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THE ACCUSED’S RIGHT TO A FAIR TRIAL IN SEXUAL ASSAULT CASES

by Alexandra Mamo

It seems impossible to open a newspaper without reading about sexual assault. With the popularity of the #MeToo campaign, the focus of the current cultural conversation is on the unfair treatment of victims in our criminal justice system. In an attempt to address these perceived injustices, the Canadian government has introduced amendments to the Criminal Code in Bill C-51 which seek to provide a broader role for complainants in sexual assault trials. However, these fundamental changes will severely compromise the rights of accused parties to a fair trial.
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THE CASE AGAINST USING RAP LYRICS AS EVIDENCE OF GUILT

by Lance Beechener

In Canada, prosecutors are increasingly relying upon an accused person’s artistic creations, frequently in the form of rap music, to establish guilt.1. This subject has attracted significant academic commentary both in Canada and in the United States, as well as considerable judicial attention in the U.S. The issue received its most recent and meaningful Canadian appellate treatment in the recent decision of the Ontario Court of Appeal in R. v. Skeete, 2017 ONCA 926.

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LUKIS ANDERSON: ALMOST WRONGLY CONVICTED BY HIS OWN DNA

by Gabriel Gross-Stein

On November 29, 2012, Raveesh Kumar was killed during the robbery of his California home. He was tied up and gagged by the robbers, and suffocated because the duct tape covered his nose and mouth. Three weeks later, Lukis Anderson was charged with the murder. His DNA had been found underneath Kumar’s fingernails.
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BILL C-75: MAKING AN UNFAIR PROCESS WORSE

by Alison Craig

On March 29, 2018, Bill C-75 was introduced for its first reading in the House of Commons. Proponents of the Bill argue that it will bring about a “cultural shift” in the justice system, speed up the process, and unclog the courts. The Bill makes significant changes to the jury selection process – changes which result in more unfair trials, less cultural diversity on juries, and a greater potential for wrongful convictions. Gone will be peremptory challenges, which allow counsel for the accused (and the Crown) to exclude a limited number of jurors without having to provide a reason.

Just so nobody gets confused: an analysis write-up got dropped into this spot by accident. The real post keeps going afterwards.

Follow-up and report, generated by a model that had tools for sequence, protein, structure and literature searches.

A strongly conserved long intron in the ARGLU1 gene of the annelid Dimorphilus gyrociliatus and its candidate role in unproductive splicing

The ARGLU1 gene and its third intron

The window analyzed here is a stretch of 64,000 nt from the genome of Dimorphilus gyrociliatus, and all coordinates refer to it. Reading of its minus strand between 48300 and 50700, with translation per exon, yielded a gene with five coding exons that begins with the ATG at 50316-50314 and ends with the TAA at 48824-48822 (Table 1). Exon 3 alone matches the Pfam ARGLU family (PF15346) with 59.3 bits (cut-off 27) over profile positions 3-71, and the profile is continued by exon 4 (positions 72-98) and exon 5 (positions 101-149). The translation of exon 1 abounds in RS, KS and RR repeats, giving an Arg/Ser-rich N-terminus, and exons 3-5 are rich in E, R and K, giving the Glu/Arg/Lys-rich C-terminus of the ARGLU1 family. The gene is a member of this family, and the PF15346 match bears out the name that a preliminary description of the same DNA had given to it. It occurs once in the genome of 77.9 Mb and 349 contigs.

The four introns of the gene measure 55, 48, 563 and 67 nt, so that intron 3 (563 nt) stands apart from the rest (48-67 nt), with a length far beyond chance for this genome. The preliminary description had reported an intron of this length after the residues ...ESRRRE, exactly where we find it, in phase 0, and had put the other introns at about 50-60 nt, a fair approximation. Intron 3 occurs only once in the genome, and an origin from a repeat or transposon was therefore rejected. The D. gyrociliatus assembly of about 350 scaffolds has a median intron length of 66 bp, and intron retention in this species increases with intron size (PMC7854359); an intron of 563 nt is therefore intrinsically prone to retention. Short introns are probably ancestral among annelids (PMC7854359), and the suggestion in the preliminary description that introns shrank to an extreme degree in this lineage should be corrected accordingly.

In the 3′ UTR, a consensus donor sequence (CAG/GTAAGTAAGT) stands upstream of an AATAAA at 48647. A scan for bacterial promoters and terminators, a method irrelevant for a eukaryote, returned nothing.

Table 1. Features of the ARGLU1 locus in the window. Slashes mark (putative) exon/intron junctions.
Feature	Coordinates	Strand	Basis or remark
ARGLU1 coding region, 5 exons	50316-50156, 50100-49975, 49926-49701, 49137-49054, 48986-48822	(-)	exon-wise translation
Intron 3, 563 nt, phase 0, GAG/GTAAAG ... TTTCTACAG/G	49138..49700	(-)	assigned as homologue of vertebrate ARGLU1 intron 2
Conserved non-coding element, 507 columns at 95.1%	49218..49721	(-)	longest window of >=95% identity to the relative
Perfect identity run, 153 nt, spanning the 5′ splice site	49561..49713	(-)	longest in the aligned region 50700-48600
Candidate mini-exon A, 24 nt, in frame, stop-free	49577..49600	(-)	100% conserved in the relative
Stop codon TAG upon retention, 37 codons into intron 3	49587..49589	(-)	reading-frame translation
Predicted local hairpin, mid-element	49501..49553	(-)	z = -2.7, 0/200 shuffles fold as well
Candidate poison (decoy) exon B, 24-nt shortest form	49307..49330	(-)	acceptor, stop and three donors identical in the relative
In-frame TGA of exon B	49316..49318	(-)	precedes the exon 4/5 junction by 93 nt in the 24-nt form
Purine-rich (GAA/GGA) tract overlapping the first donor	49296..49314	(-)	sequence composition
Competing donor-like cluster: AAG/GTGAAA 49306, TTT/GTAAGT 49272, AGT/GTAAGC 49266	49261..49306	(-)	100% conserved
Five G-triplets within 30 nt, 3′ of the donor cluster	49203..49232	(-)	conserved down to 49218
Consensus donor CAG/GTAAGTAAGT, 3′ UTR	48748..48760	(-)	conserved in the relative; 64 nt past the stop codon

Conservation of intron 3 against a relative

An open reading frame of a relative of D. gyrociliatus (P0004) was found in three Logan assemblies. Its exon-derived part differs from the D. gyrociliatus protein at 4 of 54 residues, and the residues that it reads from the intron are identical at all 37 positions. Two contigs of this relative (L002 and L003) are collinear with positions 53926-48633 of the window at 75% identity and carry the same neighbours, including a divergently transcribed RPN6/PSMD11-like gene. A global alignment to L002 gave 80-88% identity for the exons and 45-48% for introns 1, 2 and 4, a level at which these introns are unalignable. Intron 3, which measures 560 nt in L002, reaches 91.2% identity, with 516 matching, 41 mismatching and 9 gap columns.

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THE CASE FOR THE PRELIMINARY INQUIRY

by Brian Eberdt

Last month, the federal government announced Bill C-75, which is legislation that would change many sections of the Criminal Code. They would change how juries are selected, how bail hearings are conducted, sentencing, and the availability of preliminary inquiries. The reaction to Bill C-75 has been significant and mixed. The reaction from criminal defence lawyers has been almost entirely negative. In this article, I address the impact that Bill C-75 would have on the preliminary inquiry and why these changes are a poor solution to address the problem of lengthy waits for trials.
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IS MICHAEL KASSA A MURDERER OR DID POLICE GET THE WRONG GUY?

by Catriona Verner

On January 4, 2005 Sonia Gaudet was strangled and her body was set on fire in her own apartment. Michael Kassa, a platonic friend of Sonia’s, was charged with her murder a year and a half after the offence and, based on what has since been shown to be flimsy evidence, he was convicted. This is the history of his case.
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THE IMPENDING CHANGES TO APPROVED SCREENING DEVICES

by Craig Zeeh

In 2017, the government introduced Bill C-46, which is the most consequential piece of impaired driving legislation that Canada has introduced in years. Bill C-46 will add new provisions and amend old provisions of the Criminal Code for alcohol- and drug-impaired offences.

One of the significant changes of the Bill is the change to the use of approved screening devices, known as an “ASD”.
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THE NEW ADMISSIBILITY CALCULUS FOR BREATH TEST RESULTS OBTAINED IN VIOLATION OF THE CHARTER: R. V. JENNINGS

by Richard Posner

A police officer who reasonably suspects that a person is operating a motor vehicle with alcohol in his or her body may, by demand made forthwith, require that person to provide a suitable sample of breath into an approved screening device, known as an “ASD”. These devices are approved by Parliament and are the subject of important guidelines established by Ontario’s Centre of Forensic Sciences and the Alcohol Test Committee (see: https://www.csfs.ca/what-we-do/csfs-committees/atc-alcohol-test-committee/). With proper training and experience, the ASD is a relatively simple device to use, and its results are generally reliable.
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APPEALING SENTENCE

by Eva Taché-Green

Anyone charged with a criminal offence knows there is a risk they will be convicted. In 2016, for example, 64% of criminal cases in Canada ended in a finding of guilt.1 On the other hand, anyone who has been convicted of a criminal offence knows with absolute certainty that they will be sentenced in some way. Although less than half of the sentences imposed in Canada include a period of incarceration,2 other sanctions, such as fines, driving prohibitions, and probation, can have serious consequences for an offender. Long after the drama of the trial fades away, the sting of the sentence lingers, particularly where the sentence imposed feels unfair. It is understandable that an offender in this situation may want to launch a sentence appeal.
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